Anthony is associated in art with a T-shaped cross, a pig and a book. The pig and the cross are symbols of his valiant warfare with the devil—the cross his constant means of power over evil spirits, the pig a symbol of the devil himself. The book recalls his preference for “the book of nature” over the printed word. Anthony died in solitude at age 105.
In an age that smiles at the notion of devils and angels, a person known for having power over evil spirits must at least make us pause. And in a day when people speak of life as a “rat race,” one who devotes a whole life to solitude and prayer points to an essential of the Christian life in all ages. Anthony’s hermit life reminds us of the absoluteness of our break with sin and the totality of our commitment to Christ. Even in God’s good world, there is another world whose false values constantly tempt us.
St. Canute IV of Denmark (1042 – 1086 A.D.), also known as Canute the Holy, was one of thirteen sons born to the king of Denmark. Canute later succeeded his brother to the throne and reigned as king from 1080 to 1086. He was a devout Catholic, a zealous propagator of the faith, and a brave warrior, in addition to being a man of prayer, penance, austerity, and charity towards the poor and weak among his people. The happiness of his people and the interests of the Church were his motivation, often putting him in opposition to the aristocracy. He fought against the barbarian nations and worked to strengthen the power of the monarchy, but some of his laws were unpopular and caused unrest among the people. Canute sought to expand Denmak’s territory and believed he had a claim to the English throne. In 1085 he gathered his fleet and planned an invasion of England to overthrow William the Conquerer, a plan which was never realized. Instead, a revolt broke out against Canute, causing him to take refuge inside St. Alban’s Priory in Odense. Canute, his brother, and seventeen of his men were pursued and killed by rebels in front of the altar. He was named a martyr for the faith, and many miracles were reported at his tomb. He was canonized in the year 1101, the first Danish saint. St. Canute is the patron saint of Denmark. His feast day is January 19.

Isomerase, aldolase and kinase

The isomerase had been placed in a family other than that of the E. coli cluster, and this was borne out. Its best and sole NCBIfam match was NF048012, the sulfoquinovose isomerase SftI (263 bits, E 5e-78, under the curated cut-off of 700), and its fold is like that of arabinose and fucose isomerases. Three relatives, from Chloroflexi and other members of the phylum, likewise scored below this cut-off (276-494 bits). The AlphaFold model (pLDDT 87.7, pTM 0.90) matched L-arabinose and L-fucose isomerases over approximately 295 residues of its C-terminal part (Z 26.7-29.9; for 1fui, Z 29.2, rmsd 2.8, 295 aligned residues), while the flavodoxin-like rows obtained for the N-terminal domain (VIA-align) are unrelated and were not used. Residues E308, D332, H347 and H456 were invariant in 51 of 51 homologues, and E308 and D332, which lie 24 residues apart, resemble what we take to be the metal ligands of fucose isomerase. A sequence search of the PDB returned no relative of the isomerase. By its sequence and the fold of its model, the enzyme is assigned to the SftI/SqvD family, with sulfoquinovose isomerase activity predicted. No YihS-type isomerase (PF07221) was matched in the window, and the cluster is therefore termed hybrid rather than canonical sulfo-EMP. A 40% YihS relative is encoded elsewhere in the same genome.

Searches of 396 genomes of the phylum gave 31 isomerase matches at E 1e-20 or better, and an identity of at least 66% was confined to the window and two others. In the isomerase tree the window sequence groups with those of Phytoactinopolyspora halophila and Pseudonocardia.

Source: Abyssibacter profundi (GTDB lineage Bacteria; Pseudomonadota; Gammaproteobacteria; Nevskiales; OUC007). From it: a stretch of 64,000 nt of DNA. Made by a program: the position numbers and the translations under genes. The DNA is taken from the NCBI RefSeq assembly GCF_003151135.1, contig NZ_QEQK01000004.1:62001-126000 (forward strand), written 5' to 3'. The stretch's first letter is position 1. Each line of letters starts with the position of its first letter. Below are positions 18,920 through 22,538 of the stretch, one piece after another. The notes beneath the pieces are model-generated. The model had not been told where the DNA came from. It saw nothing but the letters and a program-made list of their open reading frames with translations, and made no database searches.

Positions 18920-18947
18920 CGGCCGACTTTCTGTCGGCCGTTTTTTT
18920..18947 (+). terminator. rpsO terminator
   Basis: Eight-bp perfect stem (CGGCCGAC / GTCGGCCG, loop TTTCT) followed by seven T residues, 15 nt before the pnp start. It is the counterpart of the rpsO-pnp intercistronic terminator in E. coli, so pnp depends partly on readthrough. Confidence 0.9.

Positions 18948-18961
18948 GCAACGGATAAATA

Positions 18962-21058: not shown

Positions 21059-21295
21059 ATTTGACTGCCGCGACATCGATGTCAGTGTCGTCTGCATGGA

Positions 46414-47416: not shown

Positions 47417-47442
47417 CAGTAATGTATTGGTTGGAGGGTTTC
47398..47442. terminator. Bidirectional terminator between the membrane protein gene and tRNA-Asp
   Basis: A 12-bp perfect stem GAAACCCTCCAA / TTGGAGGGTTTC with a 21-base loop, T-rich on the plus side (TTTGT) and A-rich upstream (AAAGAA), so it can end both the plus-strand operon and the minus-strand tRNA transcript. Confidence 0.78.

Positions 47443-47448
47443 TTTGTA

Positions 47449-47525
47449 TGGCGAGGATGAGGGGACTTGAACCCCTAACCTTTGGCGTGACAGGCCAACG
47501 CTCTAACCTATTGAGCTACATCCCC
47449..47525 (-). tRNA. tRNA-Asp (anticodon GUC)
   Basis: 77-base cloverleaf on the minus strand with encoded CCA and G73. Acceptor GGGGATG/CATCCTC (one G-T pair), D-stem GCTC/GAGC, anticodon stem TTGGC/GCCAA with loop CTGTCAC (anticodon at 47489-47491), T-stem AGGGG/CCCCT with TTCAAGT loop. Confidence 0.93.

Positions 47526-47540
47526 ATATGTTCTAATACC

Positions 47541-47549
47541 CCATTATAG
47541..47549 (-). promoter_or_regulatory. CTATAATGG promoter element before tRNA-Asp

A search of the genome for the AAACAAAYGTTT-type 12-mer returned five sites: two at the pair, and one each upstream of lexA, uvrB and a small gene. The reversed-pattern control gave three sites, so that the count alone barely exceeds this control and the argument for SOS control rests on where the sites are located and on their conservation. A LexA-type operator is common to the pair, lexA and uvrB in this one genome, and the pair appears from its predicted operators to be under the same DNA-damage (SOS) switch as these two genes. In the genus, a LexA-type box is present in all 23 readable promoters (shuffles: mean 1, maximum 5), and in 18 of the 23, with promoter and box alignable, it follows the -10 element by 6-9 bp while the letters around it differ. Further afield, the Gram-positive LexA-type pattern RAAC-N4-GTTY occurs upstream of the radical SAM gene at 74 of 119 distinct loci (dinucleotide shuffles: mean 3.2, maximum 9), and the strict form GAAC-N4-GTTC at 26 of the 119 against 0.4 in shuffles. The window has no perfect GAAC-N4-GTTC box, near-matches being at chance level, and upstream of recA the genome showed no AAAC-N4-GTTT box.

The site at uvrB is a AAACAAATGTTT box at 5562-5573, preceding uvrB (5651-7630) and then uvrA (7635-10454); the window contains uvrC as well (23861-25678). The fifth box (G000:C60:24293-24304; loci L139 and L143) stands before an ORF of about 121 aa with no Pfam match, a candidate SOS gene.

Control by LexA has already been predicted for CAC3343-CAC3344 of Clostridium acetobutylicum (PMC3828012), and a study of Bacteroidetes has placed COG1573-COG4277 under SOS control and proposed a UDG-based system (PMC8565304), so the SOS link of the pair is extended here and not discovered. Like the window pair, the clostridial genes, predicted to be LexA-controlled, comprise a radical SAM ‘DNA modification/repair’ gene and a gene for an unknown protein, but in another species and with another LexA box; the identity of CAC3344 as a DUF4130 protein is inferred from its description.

Almost nothing is historically certain about Sebastian except that he was a Roman martyr, was venerated in Milan even in the time of Saint Ambrose and was buried on the Appian Way, probably near the present Basilica of St. Sebastian. Devotion to him spread rapidly, and he is mentioned in several martyrologies as early as 350.
The legend of Saint Sebastian is important in art, and there is a vast iconography. Scholars now agree that a pious fable has Sebastian entering the Roman army because only there could he assist the martyrs without arousing suspicion. Finally he was found out, brought before Emperor Diocletian and delivered to Mauritanian archers to be shot to death. His body was pierced with arrows, and he was left for dead. But he was found still alive by those who came to bury him. He recovered, but refused to flee.